The group's real internal growth (RIG), which takes into account both sales volume and product value, slumped two percent -- deeper than the 0.7 percent fall expected by analysts.

The company said in a statement that sales performance was "impacted by soft consumer demand, particularly in North America, and the temporary supply constraints for vitamins, minerals and supplements."

Europe and emerging markets "more than offset" the decline in North America, it added.

"We had expected a slow start and see a strong rebound in RIG in the second quarter with reliable delivery for the remainder of the year," Nestle chief executive Mark Schneider said.

"A wide range of growth initiatives across the group are now starting to deliver," he said, noting that Nestle has "stepped up" commercial activity in North America, primarily in frozen food, which "lost ground" in the first quarter.

Nestle's RIG in North America was down 5.8 percent, said chief financial officer Anna Manz.

"Weakness in the US centered around frozen pizza and snacks, where we saw a combination of soft consumer demand, intense price competition and a reduction in retailer inventories in the quarter," Manz said.

- Water concerns -

Nestle confirmed its annual forecast, aiming for organic growth of around four percent.

Shares in the group ended 2.0 percent down on the Swiss stock exchange in afternoon deals.

"We will reach a turning point in the second quarter," Schneider said in a conference call.

"We are taking the right steps to accelerate growth and expect a much stronger performance starting from the second quarter," he added.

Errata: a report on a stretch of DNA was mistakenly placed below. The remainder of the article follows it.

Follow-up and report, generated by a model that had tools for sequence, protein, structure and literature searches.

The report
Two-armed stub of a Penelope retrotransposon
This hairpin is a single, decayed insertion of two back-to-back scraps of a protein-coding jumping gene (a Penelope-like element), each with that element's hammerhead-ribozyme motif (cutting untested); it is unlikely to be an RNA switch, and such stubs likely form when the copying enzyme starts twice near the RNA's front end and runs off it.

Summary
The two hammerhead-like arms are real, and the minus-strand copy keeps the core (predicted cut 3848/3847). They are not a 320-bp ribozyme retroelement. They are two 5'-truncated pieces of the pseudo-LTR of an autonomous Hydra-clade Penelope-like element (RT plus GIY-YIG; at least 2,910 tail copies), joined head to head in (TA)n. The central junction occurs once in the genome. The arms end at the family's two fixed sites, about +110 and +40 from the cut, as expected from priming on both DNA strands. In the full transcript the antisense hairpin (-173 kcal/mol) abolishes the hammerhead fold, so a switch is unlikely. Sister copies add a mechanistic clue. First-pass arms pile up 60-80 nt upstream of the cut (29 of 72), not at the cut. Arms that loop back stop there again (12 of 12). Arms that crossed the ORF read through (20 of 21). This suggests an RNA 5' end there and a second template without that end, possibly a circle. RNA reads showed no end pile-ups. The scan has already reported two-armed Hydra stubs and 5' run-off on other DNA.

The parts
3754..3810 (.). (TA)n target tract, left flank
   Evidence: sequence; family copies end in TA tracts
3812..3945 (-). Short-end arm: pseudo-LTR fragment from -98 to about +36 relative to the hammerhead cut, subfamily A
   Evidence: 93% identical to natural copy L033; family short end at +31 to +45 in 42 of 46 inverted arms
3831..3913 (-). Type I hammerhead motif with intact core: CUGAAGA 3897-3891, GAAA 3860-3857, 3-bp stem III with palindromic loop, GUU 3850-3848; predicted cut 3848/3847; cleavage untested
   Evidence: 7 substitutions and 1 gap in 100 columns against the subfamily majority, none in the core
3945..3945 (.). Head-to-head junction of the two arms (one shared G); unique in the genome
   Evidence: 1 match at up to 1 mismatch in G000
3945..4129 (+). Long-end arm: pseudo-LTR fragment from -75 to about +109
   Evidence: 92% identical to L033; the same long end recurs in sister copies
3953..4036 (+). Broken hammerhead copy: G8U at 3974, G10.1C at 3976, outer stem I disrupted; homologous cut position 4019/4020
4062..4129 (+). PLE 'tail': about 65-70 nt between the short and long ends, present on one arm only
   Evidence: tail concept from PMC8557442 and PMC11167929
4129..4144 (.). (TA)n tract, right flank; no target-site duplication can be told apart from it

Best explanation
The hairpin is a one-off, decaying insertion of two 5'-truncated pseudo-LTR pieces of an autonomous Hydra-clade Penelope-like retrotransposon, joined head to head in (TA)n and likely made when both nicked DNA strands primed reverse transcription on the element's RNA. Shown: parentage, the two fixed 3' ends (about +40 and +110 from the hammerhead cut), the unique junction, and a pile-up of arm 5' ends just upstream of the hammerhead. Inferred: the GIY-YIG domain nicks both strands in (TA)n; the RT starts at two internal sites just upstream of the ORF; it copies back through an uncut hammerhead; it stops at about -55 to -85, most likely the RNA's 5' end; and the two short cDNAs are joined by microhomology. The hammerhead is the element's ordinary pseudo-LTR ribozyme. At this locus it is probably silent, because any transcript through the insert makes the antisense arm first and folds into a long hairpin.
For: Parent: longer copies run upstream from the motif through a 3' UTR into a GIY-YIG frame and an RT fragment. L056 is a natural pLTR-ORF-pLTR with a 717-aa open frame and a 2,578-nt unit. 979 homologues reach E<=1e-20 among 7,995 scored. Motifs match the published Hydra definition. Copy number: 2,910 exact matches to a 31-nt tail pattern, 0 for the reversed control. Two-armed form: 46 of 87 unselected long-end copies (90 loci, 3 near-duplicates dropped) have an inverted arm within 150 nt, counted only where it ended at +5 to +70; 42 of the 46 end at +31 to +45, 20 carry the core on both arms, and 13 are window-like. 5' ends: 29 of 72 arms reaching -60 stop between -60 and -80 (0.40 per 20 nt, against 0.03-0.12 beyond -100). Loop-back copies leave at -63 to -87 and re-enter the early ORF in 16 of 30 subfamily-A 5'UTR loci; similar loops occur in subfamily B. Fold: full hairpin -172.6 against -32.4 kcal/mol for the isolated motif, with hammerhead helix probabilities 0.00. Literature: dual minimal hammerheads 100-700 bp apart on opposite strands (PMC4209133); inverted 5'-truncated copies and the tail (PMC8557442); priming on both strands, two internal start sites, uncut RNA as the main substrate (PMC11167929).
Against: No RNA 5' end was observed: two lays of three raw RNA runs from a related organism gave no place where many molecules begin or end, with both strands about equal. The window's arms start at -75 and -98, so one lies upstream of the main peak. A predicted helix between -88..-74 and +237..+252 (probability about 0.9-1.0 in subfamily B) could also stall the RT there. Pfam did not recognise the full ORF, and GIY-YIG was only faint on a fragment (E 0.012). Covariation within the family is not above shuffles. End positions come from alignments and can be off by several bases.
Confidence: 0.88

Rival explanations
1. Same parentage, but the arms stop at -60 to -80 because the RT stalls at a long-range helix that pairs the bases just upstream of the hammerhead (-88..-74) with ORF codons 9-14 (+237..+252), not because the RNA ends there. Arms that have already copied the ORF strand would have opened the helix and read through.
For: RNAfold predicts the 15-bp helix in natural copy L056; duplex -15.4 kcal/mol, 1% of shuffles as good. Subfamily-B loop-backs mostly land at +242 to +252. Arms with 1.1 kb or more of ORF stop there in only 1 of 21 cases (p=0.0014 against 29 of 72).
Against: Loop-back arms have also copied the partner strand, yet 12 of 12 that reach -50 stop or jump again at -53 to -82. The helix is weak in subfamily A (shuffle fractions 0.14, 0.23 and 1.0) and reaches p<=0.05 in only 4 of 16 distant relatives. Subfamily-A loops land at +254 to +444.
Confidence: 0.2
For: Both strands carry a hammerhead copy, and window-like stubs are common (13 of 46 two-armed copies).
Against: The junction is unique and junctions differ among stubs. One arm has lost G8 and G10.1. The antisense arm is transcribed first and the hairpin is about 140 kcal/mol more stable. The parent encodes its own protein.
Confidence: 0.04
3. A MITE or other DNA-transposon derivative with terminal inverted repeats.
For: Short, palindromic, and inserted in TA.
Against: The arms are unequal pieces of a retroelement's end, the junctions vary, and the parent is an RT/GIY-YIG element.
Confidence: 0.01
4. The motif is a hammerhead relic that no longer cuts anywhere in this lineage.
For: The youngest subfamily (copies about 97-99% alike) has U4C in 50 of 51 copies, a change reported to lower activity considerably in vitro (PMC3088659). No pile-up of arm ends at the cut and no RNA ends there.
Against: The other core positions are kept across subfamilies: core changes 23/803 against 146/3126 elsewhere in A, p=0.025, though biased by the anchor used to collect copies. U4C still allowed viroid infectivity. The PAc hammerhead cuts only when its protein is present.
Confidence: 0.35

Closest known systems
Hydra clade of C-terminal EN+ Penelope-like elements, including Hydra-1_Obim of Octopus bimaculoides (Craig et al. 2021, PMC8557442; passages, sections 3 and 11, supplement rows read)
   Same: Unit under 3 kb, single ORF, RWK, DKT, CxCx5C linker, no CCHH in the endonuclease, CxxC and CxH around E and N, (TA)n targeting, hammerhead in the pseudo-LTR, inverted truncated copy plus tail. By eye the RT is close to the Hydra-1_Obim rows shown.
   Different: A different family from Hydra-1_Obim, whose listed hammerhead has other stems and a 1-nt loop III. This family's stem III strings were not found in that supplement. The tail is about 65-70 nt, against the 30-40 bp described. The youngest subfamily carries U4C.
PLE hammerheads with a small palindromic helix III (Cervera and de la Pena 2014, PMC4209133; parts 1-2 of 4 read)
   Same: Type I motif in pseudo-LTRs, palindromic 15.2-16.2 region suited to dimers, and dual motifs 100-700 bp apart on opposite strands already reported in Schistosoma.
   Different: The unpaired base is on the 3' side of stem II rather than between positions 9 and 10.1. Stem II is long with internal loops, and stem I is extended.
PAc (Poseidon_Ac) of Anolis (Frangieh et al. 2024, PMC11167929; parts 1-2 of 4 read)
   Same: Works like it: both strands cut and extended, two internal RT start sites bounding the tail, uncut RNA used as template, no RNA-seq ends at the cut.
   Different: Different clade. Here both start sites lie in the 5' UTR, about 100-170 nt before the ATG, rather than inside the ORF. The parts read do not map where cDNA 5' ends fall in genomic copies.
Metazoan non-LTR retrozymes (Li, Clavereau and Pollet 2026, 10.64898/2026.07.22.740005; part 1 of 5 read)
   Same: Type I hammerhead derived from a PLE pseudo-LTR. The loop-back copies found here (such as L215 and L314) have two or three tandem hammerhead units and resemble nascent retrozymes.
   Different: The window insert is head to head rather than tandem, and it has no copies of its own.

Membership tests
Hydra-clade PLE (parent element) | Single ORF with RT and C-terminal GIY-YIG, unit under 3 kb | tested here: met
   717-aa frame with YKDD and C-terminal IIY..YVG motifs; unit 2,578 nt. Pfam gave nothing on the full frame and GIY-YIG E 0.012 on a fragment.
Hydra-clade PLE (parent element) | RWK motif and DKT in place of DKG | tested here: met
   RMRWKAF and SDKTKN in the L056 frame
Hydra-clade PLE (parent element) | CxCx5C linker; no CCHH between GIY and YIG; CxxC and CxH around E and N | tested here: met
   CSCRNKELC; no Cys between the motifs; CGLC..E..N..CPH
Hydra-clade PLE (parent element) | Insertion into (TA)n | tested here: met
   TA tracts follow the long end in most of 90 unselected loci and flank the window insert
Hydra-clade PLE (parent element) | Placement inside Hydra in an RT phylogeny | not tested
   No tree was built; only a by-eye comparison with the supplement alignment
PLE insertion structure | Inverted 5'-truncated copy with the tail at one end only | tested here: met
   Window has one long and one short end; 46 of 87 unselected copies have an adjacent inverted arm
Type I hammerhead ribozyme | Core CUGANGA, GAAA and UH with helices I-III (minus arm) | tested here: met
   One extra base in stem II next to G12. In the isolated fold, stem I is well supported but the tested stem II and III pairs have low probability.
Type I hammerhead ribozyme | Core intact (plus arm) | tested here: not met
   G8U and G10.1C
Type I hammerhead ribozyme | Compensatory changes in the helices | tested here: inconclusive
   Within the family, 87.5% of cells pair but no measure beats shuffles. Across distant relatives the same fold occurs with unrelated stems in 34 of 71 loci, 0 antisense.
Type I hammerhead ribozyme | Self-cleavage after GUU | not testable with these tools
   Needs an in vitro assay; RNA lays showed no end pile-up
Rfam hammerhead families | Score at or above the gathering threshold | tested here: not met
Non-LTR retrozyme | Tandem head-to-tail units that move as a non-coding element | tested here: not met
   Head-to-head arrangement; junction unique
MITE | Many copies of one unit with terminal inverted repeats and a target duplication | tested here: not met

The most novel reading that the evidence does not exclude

Nestle's first-quarter performance stands in contrast to those of rivals such as French group Danone, which reported rising sales volume last week.

British consumer goods giant Unilever reported an uptick in first-quarter sales on Thursday.

Nestle has also scrambled to ease any concerns over its Perrier brand after France's food safety watchdog recommended stricter monitoring of sites where Nestle extracts mineral water following the discovery of traces of "faecal" contamination.

The company has since said it has stepped up monitoring of the sites, and Schneider reiterated on Thursday that the group's water was safe to drink.

He said Nestle was "working diligently with regulators in several countries where we operate" to "continue to assure absolute food safety and full conformity with local mineral water standards".

On the baby food issue, Nestle denied accusations by NGO Public Eye that it was applying a "double standard" by selling products with high levels of added sugar in low-income countries but not in wealthier nations.

"There is no double standard," the company said in a statement. "We apply the same nutrition, health and wellness principles everywhere."

"The negative news flow in recent weeks ... is raising concerns among investors," said Jean-Philippe Bertschy, analyst at investment firm Vontobel.

Patrik Schwendimann, analyst at Zurcher Kantonalbank, said "investor sentiment towards Nestle in recent months has never been so poor for more than 25 years."

He added that Nestle shares could rise sharply "if the news flow improves" but "Nestle must be able to show clear improvements in the coming quarters."


AFP